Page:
Justice is a beautiful thing, because it holds us– not the other way around. So I’ll write to you my own thoughts on justice, this nation, my perspective as a lower-class native american work-from-home mother and writer.

I promise to write to you as a Christ-follower, to check my own heart against political views, and I promise to write to you on the premise of grace.

As our President, you’ll know me. You’ll know my handwriting and my voice, my distant presence at your office door every week when the time comes.

If you’d like to think of it this way, I will haunt you, a less-knowing reminder than the good spirits who visited Ebenezer Scrooge throughout the night to remind him of who he was meant to be.

I promise to be your reminder, President Trump, to send my voice to your door, to show you our world so that every day of your presidency you cannot truthfully say that you didn’t know.

This is my promise to you.

Welcome to the Presidency.

With watching eyes & steady hand,

 

Kaitlin Curtice

DON’T FORGET 2016: when mourning leads to action

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I’ve read a lot of posts giving us permission to put 2016 behind us and move forward with hope.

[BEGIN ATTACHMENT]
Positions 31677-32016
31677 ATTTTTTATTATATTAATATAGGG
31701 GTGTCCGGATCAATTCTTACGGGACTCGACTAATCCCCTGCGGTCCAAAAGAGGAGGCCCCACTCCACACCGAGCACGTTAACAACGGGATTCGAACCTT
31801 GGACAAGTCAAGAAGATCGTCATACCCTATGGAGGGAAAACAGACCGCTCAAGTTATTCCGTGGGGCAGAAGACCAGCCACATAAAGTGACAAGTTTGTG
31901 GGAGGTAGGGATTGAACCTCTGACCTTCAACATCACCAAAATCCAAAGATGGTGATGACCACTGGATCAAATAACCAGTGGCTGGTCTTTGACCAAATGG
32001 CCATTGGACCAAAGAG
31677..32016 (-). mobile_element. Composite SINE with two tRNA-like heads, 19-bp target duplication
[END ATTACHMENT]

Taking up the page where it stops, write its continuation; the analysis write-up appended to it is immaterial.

Maybe we’re grieving the death of a part of us, or someone that we left in that year.

And when 2017 rolled around, we said good-bye to everything and everyone to begin again.

But the problem with leaving “the past in the past” is that we miss who we are because of it. I’ve watched people I love mourn those that they lost. They didn’t wish to forget them after the mourning period was over; they hoped to live into the legacy of that person, to walk in the light they left, to learn something from them, even after death.

So what did we leave behind in 2016? What died and what took its place?

The grief of those memories carry themselves in us, quiet and steady, often painful.

But the mourning process is out loud, our speaking and writing and making public that we are hurting and are asked to get better, to heal a little, to find comfort, to do something.

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Today I woke up mourning.

I do not mourn that Obama is leaving and Trump’s time begins.

I do not mourn for a political party or the threat of another authoritarian era.

I don’t mourn that we are a bullying nation, but that we began as one.

I mourn what I wake up to: a world slivered by hate and oppression, a world of people that ask what they can do to further their own causes before anyone else’s.